French government inspectors will this week publish the results of an investigation into the conduct of the finance ministry in advance of the vexed share dealings in EADS, the aerospace and defence group.
The probe follows the leak last week of a preliminary report by the Autorité des Marchés Financiers, France’s stock market regulator, which raised the alarm about possible insider dealing in EADS shares on a “massive scale”.
Shares in EADS, which owns the commercial aircraft maker Airbus, fell in June 2006 after it announced costly delays to deliveries of Airbus’s A380 superjumbo.
AMF has been investigating EADS share sales in the months preceding the announcement by 21 past and present senior executives at EADS and Airbus, and by the group’s two core shareholders, France’s Lagardère and Germany’s Daimler.
The French state owns 15 per cent of EADS. It did not sell any of its holding, but questions have been asked about the French government’s role in the affair, particularly since La Caisse des Dépôts et Consignations (CDC), a state-owned financial institution, had announced a large investment in EADS in April 2006, only weeks before the delivery delays were announced.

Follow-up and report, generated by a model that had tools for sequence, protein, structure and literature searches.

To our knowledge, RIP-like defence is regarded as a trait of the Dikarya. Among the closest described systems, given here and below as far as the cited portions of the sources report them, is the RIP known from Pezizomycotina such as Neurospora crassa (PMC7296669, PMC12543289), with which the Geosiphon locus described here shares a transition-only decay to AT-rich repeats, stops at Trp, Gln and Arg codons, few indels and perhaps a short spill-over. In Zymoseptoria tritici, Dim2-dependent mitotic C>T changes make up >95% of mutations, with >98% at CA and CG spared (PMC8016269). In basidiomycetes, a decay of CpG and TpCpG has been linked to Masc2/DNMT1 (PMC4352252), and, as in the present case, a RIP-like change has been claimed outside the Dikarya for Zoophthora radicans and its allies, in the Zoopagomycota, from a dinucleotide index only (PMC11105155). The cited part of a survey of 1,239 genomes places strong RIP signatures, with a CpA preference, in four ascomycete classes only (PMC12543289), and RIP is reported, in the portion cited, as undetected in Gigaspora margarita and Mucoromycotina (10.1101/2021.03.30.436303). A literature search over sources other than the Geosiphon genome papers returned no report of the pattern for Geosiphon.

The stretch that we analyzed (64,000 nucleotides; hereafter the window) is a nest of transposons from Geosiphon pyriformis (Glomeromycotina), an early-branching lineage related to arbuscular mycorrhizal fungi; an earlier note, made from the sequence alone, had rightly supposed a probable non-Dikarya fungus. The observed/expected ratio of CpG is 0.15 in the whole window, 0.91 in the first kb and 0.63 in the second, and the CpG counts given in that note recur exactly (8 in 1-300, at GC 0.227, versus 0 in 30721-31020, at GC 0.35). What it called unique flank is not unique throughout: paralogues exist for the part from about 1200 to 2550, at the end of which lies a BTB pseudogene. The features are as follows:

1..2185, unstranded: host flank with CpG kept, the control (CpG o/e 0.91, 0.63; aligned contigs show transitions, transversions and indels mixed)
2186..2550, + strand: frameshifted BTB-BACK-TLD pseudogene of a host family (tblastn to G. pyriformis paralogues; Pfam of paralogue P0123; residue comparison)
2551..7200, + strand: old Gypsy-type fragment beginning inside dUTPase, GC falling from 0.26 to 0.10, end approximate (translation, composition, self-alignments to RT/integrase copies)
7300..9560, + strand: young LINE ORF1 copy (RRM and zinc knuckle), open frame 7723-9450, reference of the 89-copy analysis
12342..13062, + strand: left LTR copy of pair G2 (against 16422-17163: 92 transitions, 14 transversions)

Christine Lagarde, French finance minister, announced late on Friday she had asked Bertrand Schneiter, France’s inspector general of finances, to investigate the ministry’s behaviour in relation to EADS between the end of 2005 and June 2006.
She said the report, which would cover the ministry’s interaction with CDC among other things, would be presented to her on Thursday. The results would be made public “immediately”.
The poor timing of CDC’s agreement to purchase EADS shares being sold by Lagardère forced it to take a €126m net provision in its 2006 accounts.
On Friday, CDC denied it had been obeying political rather than commercial considerations when it made
its ill-fated investment
in the group.